Introduction: Patients with mild cognitive impairment (MCI) may make suboptimal decisions particularly in complex situations, and this could be due to temporal discounting, the tendency to prefer immediate rewards over delayed but larger rewards. The present study proposes to evaluate intertemporal preferences in MCI patients as compared to healthy controls. Method: Fifty-five patients with MCI and 57 healthy controls underwent neuropsychological evaluation and a delay discounting questionnaire, which evaluates three parameters: hyperbolic discounting (k), the percentage of choices for delayed and later rewards (%LL), and response consistency (Acc). Results: No significant differences were found in the delay discounting questionnaire between MCI patients and controls for the three reward sizes considered, small, medium, and large, using both k and %LL parameters. There were also no differences in the response consistency, Acc, between the two groups. Conclusions: Patients with MCI perform similarly to healthy controls in a delay discounting task. Memory deficits do not notably affect intertemporal preferences.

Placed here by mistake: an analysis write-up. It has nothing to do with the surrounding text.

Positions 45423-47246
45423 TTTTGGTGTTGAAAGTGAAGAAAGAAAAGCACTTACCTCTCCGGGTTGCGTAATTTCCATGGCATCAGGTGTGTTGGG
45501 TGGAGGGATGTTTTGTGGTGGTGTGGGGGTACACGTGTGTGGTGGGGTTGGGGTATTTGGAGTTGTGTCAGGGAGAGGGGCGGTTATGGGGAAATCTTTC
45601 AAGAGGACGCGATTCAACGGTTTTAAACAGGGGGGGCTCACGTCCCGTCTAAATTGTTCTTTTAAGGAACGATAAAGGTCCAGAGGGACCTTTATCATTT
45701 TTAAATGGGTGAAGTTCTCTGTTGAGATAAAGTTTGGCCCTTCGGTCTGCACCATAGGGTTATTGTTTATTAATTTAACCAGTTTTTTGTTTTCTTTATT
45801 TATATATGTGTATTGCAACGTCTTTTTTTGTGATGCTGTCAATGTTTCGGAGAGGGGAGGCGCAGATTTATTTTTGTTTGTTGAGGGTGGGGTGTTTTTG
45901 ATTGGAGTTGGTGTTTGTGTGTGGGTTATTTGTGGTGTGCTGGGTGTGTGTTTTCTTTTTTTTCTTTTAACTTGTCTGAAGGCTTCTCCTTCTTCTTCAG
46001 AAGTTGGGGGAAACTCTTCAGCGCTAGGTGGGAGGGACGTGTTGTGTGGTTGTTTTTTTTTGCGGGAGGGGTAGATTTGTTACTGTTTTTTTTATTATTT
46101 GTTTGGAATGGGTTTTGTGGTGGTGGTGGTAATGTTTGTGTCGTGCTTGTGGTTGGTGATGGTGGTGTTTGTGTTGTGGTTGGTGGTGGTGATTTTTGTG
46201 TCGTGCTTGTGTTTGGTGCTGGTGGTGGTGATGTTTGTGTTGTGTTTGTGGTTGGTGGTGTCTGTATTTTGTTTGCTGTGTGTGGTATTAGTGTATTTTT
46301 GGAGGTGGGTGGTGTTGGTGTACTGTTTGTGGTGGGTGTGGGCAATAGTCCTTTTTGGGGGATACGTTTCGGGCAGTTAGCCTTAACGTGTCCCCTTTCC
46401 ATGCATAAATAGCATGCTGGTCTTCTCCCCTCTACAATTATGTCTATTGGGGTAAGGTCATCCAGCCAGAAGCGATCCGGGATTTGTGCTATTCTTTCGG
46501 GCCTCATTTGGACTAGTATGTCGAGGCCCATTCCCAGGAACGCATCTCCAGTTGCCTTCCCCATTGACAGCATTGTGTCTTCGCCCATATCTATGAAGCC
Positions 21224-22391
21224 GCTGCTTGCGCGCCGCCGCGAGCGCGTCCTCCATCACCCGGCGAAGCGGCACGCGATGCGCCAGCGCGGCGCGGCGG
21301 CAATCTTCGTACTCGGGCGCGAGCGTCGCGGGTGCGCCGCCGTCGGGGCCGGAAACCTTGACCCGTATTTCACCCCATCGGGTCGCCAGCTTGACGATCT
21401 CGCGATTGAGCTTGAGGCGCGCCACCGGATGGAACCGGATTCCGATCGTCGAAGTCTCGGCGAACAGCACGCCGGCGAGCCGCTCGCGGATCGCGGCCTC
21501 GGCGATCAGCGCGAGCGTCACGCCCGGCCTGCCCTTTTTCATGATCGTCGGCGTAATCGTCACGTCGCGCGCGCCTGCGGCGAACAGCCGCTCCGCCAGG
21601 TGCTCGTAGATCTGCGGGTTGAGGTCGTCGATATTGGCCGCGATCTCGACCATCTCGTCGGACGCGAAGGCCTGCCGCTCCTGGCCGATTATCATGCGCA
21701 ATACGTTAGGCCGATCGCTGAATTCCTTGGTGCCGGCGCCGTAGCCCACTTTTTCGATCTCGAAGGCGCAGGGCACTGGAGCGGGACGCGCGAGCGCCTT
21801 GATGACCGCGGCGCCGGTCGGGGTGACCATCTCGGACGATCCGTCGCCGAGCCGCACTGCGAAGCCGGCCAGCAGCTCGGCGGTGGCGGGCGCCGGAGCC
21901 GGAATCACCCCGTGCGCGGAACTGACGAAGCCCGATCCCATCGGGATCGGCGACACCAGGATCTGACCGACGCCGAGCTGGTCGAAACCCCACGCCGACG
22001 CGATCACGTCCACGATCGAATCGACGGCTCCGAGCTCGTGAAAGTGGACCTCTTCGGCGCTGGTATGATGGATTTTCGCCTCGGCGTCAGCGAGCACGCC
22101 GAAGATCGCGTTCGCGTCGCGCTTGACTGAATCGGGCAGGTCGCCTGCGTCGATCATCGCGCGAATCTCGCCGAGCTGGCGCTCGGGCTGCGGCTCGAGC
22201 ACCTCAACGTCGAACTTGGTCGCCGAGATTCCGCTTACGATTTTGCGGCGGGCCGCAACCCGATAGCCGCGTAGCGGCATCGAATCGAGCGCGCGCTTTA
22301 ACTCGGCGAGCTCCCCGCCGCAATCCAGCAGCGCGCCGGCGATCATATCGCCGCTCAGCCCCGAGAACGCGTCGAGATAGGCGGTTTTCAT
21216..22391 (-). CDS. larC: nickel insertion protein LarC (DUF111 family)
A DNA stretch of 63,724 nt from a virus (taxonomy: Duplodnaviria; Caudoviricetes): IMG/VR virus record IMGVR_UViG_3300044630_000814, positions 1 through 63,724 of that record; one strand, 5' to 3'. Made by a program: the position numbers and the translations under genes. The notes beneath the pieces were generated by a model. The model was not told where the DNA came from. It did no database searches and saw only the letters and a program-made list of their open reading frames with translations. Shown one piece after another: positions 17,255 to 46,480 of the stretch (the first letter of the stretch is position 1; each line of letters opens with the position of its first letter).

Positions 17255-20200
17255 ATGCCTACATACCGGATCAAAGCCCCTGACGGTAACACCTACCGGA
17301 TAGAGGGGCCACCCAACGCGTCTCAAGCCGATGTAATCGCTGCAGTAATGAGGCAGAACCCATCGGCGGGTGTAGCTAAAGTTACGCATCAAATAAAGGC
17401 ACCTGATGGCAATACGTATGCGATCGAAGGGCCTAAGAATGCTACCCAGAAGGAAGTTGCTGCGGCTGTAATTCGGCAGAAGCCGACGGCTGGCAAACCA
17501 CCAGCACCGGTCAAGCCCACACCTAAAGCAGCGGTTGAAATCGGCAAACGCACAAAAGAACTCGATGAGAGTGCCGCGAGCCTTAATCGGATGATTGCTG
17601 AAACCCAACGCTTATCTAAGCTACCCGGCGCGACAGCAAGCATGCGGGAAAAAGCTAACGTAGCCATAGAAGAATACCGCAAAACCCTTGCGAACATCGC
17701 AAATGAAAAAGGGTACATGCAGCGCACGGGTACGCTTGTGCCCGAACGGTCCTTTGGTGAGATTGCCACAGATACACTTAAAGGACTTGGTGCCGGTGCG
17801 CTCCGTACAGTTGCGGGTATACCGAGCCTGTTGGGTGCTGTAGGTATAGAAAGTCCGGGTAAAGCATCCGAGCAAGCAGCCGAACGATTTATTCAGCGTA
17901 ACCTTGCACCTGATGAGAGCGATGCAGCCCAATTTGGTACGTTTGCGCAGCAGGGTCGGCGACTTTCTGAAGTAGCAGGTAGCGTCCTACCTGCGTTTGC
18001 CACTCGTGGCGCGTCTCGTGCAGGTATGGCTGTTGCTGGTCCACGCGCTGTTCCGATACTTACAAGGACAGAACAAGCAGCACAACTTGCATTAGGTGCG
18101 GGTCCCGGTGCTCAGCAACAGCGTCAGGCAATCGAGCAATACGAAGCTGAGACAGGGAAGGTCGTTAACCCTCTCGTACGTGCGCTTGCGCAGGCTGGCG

Delay discounting in mild cognitive impairment
Swets & Zeitlinger, Lisse , Paesi Bassi
Neuropsychology, development, and cognition. Section A, Journal of clinical and experimental neuropsychology (2016): 1–11. doi:10.1080/13803395.2016.1226269